To that end, I humbly submit my 1992 review of T. Harry Williams's Pulitzer Prize-winning biography of Long (the review's been on the web so long it's still on the first Google page of searches for "huey long"). If you can find a copy, one of Ken Burns's earliest projects was on Long. While it's hardly a detailed study of Long's policies or actions, it's particularly interesting for the interviews in which members of the state's ruling class express their hatred for Long and his intrusion into their turf, which puts one in mind of the Washington elite's attitude toward Clinton.

There's much more out there, but, as always, I like to close with words from Huey Long himself, from his autobiography Every Man a King:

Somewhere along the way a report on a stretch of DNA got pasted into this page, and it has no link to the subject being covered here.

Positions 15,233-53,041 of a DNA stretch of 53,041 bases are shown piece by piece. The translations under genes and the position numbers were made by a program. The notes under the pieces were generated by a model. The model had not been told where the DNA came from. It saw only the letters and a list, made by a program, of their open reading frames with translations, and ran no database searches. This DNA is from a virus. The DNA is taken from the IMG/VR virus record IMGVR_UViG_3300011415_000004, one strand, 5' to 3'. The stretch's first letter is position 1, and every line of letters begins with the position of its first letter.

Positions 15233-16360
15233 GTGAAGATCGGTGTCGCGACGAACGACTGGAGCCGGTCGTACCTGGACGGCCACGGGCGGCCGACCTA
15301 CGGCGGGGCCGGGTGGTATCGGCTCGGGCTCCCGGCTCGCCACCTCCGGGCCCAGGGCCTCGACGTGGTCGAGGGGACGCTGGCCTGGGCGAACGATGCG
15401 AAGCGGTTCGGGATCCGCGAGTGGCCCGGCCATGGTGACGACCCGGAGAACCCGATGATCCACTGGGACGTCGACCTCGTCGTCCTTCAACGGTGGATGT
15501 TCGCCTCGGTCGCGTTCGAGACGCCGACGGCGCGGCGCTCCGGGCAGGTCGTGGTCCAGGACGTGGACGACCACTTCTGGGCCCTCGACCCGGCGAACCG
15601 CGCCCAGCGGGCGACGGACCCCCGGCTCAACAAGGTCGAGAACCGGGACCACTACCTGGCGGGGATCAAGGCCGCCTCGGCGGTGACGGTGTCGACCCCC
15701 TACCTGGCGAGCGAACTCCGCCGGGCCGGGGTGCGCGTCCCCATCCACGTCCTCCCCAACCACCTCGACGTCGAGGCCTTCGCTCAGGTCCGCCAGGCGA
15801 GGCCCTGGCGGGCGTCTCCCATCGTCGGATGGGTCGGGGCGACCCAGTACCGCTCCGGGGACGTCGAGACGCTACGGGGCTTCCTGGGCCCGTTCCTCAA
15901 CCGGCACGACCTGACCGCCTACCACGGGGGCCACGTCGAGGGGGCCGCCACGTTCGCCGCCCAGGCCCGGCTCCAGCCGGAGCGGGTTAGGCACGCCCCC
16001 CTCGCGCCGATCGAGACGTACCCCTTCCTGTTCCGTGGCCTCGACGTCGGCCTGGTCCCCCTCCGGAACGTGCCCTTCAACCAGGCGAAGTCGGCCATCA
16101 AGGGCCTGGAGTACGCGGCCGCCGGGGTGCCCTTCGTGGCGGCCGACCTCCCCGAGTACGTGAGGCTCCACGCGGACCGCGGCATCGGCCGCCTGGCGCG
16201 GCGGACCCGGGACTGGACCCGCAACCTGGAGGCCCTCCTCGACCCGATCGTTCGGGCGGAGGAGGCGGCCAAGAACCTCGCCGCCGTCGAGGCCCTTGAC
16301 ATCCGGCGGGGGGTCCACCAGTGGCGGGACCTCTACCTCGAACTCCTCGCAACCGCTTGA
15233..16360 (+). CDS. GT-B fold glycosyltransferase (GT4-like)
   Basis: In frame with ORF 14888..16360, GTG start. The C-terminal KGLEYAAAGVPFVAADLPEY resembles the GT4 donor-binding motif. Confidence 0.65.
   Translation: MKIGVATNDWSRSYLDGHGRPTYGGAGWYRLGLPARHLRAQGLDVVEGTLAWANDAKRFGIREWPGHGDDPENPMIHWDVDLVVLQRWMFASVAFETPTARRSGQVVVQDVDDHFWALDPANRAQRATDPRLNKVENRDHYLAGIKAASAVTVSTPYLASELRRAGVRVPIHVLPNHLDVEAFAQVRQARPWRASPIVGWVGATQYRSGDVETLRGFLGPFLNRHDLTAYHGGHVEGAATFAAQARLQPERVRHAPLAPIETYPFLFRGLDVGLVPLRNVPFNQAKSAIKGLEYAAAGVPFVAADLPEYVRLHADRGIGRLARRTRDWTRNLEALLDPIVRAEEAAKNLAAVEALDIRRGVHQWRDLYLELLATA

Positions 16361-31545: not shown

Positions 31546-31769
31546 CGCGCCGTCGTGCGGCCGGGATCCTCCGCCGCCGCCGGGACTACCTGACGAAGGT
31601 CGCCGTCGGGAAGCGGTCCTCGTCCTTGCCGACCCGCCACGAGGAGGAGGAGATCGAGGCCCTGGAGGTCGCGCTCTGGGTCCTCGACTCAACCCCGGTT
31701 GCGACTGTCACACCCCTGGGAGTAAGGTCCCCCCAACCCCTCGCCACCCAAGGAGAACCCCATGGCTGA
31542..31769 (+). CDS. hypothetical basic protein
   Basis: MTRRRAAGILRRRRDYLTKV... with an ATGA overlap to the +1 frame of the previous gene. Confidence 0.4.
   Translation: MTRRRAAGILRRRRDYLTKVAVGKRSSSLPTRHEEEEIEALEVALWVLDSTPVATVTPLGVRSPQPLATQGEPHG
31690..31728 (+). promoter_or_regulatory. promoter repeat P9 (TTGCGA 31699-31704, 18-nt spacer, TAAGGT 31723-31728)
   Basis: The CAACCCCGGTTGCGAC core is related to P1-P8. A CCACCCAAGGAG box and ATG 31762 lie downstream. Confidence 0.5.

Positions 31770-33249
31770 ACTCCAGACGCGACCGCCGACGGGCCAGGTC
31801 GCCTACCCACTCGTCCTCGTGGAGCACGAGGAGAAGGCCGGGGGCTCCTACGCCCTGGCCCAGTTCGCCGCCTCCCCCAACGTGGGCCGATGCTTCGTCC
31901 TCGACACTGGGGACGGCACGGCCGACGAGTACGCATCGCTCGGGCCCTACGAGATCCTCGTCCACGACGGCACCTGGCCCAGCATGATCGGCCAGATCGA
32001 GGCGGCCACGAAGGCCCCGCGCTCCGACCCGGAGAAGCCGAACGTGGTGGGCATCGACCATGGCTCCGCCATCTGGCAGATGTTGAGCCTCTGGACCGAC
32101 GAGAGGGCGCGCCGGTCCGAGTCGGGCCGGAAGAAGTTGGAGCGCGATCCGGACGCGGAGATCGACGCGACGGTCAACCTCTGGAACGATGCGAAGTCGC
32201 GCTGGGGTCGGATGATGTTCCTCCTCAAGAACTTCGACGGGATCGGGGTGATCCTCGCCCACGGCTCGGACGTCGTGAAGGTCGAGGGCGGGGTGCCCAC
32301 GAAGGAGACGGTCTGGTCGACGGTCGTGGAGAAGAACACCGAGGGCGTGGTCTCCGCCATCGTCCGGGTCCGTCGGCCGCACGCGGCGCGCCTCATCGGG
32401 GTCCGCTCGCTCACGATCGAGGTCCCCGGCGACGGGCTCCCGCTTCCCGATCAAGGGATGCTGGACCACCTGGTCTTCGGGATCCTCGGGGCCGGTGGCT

The increasing fury with which I have been and am to be, assailed by reason of the fight and growth of support for limiting the size of fortunes can only be explained by the madness which human nature attaches to the holders of accumulated wealth.

What I have proposed is:—


1. A capital levy tax on the property owned by any one person of 1% of all over $1,000,000 [dp: $14,275,000 in 2005 dollars]; 2% of all over $2,000,000 [$28,550,000] etc., until, when it reaches fortunes of over $100,000,000 [$1,427,500,000], the government takes all above that figure; which means a limit on the size of any one man's forturn to something like $50,000,000 [$713,750,000]—the balance to go to the government to spread out in its work among all the people.

2. An inheritance tax which does not allow one man to make more than $5,000,000 [$71,375,000] in a lifetime without working for it, all over that amount to go to the government to be spread among the people for its work.

3. An income tax which does not allow any one man to make more than $1,000,000 [$14,275,000] in one year, exclusive of taxes, the balance to go to the United States for general work among the people.